Bays Mountain

From Wikipedia, the free encyclopedia
Jump to: navigation, search
Chimneytop Mountain, highest part of the Bays Mountain ridge.

Bays Mountain is a ridge of the Ridge-and-Valley Appalachians, located in eastern Tennessee. It runs southwest to northeast, from just south of Knoxville to Kingsport.

Its southern segment is relatively low in elevation (up to about 1,300 feet (396.2 m)). In some places it essentially merges with the surrounding plains, especially where it is bisected by the French Broad River and the Nolichucky River.

The northern segment of Bays Mountain reaches higher elevations, averaging above 2,000 feet (609.6 m) with peaks reaching up to 3,000 feet (914.4 m). It is not a single ridge, but rather a series of closely related ridges, some of which have names of their own. The highest peak is Chimneytop Mountain (3,117 feet (950.1 m)), a spur ridge south of the main Bays Mountain ridge.

Northernmost Terminus of Bays Mountain at Kingsport, Tennessee

Bays Mountain runs just south of the Holston River, which flows northeast to southwest. At Kingsport the Holston River curves east and south, splitting into three tributary forks that flow from Virginia to the northeast. Bays Mountain ends abruptly at this curve of the Holston River. Kingsport is on the north side of the river, directly across from the end of Bays Mountain, where two ridges meet in a "V" with an impounded lake (the old reservoir) between the ridges.

Bays Mountain Park[edit]

There is a nature park and planetarium located on Bays Mountain in Kingsport, featuring cross-cut viewing sections of beaver dams, bee hives, cave systems, and more. The outdoor park features otters, an aviary, and several free-roaming deer, as well as a wolf pen. Wolf howling sessions are held regularly, where people are allowed to howl with the wolves, spurring the wolves into howling even more. One popular activity is called the Barge Ride. This attraction features a ride through the Bays Mountain Reservoir on a pontoon boat while learning about the nature around you. The park also features a freeze-drying laboratory where animals of the region who die of natural causes are preserved for everyone to examine up close.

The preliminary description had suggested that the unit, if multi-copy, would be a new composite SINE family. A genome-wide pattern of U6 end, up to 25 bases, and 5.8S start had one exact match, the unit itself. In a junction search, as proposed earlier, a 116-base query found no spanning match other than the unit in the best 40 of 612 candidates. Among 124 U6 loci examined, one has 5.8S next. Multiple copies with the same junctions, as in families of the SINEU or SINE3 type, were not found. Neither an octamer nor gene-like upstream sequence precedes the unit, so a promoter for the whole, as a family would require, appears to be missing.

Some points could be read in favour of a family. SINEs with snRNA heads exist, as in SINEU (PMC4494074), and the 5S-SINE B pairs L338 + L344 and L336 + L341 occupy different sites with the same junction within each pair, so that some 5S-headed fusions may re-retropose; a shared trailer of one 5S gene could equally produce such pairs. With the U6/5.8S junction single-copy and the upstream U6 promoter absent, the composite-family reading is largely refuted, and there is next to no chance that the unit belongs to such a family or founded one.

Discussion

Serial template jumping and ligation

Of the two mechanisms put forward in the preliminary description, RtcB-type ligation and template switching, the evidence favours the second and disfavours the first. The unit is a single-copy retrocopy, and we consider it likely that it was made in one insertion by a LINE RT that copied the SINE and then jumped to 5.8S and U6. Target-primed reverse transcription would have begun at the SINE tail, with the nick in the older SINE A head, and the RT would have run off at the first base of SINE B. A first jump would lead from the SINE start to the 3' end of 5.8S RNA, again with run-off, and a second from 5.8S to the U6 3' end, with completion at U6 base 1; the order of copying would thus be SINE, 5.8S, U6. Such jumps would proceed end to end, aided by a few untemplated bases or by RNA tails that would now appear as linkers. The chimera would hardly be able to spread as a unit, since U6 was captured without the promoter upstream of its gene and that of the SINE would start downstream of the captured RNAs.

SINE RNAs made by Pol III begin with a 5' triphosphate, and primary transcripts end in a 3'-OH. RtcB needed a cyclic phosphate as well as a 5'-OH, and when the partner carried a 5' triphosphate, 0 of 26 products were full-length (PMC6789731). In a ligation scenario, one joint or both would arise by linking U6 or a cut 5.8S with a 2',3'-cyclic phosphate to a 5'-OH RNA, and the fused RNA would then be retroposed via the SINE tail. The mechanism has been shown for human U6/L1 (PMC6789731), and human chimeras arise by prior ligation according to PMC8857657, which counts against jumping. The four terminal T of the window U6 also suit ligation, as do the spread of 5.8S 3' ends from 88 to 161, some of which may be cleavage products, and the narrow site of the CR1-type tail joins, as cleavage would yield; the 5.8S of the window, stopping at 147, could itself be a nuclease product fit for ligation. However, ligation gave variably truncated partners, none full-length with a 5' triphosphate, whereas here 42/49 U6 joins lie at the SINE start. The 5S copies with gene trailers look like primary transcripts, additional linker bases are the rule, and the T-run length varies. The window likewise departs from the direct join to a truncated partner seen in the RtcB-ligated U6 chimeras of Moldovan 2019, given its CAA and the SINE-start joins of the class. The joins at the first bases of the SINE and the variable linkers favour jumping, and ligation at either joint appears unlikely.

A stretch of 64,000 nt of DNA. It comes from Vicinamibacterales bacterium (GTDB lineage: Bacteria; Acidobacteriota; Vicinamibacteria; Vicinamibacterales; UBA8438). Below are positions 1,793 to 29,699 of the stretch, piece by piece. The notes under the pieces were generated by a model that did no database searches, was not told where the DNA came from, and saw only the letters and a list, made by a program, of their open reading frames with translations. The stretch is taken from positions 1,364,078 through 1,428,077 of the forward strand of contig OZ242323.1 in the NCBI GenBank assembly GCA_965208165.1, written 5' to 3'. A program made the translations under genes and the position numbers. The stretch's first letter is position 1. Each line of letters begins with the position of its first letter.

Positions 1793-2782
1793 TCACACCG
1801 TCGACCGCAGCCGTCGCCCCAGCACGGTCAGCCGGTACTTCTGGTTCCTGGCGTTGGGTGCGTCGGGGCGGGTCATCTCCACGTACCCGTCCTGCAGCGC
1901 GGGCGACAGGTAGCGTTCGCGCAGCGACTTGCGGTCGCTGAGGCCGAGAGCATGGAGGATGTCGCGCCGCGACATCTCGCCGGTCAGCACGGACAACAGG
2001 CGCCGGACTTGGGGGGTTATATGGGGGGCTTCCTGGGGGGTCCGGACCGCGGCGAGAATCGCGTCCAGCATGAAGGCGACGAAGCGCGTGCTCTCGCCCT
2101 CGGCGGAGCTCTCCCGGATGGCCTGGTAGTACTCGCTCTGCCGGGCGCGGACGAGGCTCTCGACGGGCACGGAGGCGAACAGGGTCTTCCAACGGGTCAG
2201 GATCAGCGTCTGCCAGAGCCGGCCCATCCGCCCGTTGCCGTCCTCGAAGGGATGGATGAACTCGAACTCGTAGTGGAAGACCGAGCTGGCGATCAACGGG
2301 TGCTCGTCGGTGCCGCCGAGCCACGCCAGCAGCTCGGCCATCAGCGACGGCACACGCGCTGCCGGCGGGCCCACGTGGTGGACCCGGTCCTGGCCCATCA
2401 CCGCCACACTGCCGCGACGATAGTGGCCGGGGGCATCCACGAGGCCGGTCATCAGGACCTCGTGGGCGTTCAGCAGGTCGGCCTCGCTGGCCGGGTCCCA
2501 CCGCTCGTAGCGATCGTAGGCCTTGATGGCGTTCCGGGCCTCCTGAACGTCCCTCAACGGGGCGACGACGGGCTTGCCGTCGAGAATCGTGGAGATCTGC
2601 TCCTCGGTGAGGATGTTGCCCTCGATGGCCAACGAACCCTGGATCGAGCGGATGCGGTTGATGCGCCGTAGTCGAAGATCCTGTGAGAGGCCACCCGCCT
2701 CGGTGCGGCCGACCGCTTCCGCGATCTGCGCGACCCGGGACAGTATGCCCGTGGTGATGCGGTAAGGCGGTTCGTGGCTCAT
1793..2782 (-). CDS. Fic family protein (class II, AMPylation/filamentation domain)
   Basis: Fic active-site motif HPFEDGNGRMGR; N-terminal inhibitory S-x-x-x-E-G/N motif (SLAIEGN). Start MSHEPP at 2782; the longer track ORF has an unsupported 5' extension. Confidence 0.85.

References[edit]

  • Williams, "Fort Robinson on the Holston," East Tennessee Historical Society Publications, no.4 (1932)
  • Samuel C. Williams, Dawn of Tennessee Valley and Tennessee History (Johnson City, 1937)
  • Long, Howard. Kingsport: A Romance of Industry. Overmountain Press (October 1993)
  • Wolfe, Margaret Ripley. Kingsport Tennessee: A Planned American City. University Press of Kentucky (November 1987)

External links[edit]

Coordinates: 36°21′45″N 82°51′30″W / 36.36250°N 82.85833°W / 36.36250; -82.85833